Nick the Phobia

(Nyctophobia: an irrational fear of the night or darkness)

All is still, soundless, and waiting. The dark outlines are seared remains of what used to be. The slide, flattened into the ground. The merry-go-round, blackened to a crisp. The jungle gym and teeter-totter, ground to a fine line. Mere shadow imprints are all that are left. Corroded toys lay discarded. The grass is yellowed and withered. Not even the wind disrupts this playground.

The playground has been shutdown since that day. It is best remained untouched. Please do not disturb the playground. It becomes uncomfortable at night. The entire playground transforms. All the equipment gets a brand new shine, an unnatural sheen, restored to pristine condition. Seeing that shiny slide too well lit in the dark is so tempting. Maybe you start thinking if I go down that slide: I will feel like a child again, I will validate my childhood, or I take that slide. The moment of contact, Nick comes out to play.

Click, clack, click is heard as Nick approaches. The sudden fireflies are its blinking eyes. Nick holds a toy clacker in its lengthy, slender tongue which slinks out of a wide grotesque mouth full of shark teeth. Beware of Nick’s monstrous hands, massive gnarled hands reaching form the darkness. The fingers are twisted and bent like branches of an ancient tree, twitching towards you. You should be extra wary of the fifth hand which holds Nick’s stomach. Nick’s stomach is a quivering, moist, chewed up mass that squelches and belches out oozing gastric fluids. It’s unsightly.

Nick is not the only one who plays in the dark. The ghosts of the children from that day linger on. They giggle, play, and “live” out their last moments from that day. Every night they can be heard. People who actually see the ghosts aren’t seen again. So sad what happened… what happened that day, that day Nick arrived.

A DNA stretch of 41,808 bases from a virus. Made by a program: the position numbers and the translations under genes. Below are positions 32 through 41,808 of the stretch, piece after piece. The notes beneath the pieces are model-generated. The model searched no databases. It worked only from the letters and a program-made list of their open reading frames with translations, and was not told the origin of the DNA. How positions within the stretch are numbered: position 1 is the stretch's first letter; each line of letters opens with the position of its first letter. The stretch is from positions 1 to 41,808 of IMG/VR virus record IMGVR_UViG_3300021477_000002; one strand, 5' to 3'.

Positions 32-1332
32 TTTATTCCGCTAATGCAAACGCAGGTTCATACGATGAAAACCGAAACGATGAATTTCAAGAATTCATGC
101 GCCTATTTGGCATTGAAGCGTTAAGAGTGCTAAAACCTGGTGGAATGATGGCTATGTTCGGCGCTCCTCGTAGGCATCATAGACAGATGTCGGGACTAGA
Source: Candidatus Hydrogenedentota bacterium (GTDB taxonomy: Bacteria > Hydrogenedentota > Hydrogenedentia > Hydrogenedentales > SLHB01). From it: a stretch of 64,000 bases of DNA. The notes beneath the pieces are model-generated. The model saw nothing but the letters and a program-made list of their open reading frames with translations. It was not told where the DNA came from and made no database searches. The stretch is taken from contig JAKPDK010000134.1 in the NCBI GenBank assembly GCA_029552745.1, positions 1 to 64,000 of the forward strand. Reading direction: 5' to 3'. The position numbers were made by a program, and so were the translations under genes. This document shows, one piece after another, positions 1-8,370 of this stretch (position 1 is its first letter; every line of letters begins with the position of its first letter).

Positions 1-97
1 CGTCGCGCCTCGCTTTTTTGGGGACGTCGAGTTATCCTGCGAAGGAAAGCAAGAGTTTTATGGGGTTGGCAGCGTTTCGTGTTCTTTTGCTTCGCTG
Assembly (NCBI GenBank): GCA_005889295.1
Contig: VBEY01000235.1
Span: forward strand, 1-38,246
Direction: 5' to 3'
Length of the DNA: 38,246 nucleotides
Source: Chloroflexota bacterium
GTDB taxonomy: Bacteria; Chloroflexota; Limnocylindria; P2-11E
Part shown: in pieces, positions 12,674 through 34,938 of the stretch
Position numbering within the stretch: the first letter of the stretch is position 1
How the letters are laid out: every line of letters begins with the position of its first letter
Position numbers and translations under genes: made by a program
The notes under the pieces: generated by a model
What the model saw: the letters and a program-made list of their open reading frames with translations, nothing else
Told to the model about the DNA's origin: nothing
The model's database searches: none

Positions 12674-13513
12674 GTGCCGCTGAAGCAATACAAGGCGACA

I was there, a serene summer afternoon. A dozen other kids aiming high on the swings, not sharing the slide, and keeping upright on the merry-go-round. The parents conversing among themselves. A beautiful summer day. Click, clack, click, clack, we should have fled when we heard it. We continued to play as the breeze died and nature went silent.

Evelyn was the first to whistle. She was whistling an unnerving tune. The eerie kind that worms into your ear feeling familiar and itchy. All us kids joined in, whistling the same tune. The parents were nodding along. We whistled louder, our mouths drying and our faces reddening. The parents looked like bobble heads. Their heads jerking up and down; their necks straining with the motion. No one could stop. I couldn’t move. Everyone was stuck that way until sunset.

The sun shrinking as the shadows grew. The clicking was closer. Nick’s hand reached out of a shadow. I heard its fingers creak and snap. I was fixated by its long, jagged nails. I was staring at Nick’s nasty, filthy nails, a sickening brown yellow color. I could nothing but whistle as Nick’s fingers enclosed on me.

I don’t know what happened after, but my body was found later. The bystander who found me was horrified at the sight. My blue tint skin, eyeballs bulging out of the sockets, both of my hands violently shoved into my mouth, and drool foaming down my face. I was left quite unsightly.

Please stay away from the playground, from Nick. Funny, I’m not sure why the monster is named Nick. I-uh, uh, I-I-I…

I was the first victim. My name is Nicholas.

  • IronMosquito

    This was really cool until the end. Just a tip! Writing from the perspective of the victim/pulling the “I was the monster all along” reveal really takes you out of the immersiveness that a story offers. Otherwise good job, I found the concept to be really interesting! Have a good one 😀

  • DJ bunch

    Great story!! I even liked the ending, but it begs the question; what got Nick if Nick was Nick?
    Awesome detail on everything, really put me there.
    I know as a general rule you shouldn’t perspective shift at the end, but rules should be followed until they shouldn’t. Just my opinion.

  • Demon Unlisted

    The beginning is really good. The way the environment is described put me right into the story. The ending, while a good twist, was very quick and took me out of it a bit. The usage stuttering before the reveal threw off the flow of the story. Other than that, it was a good read.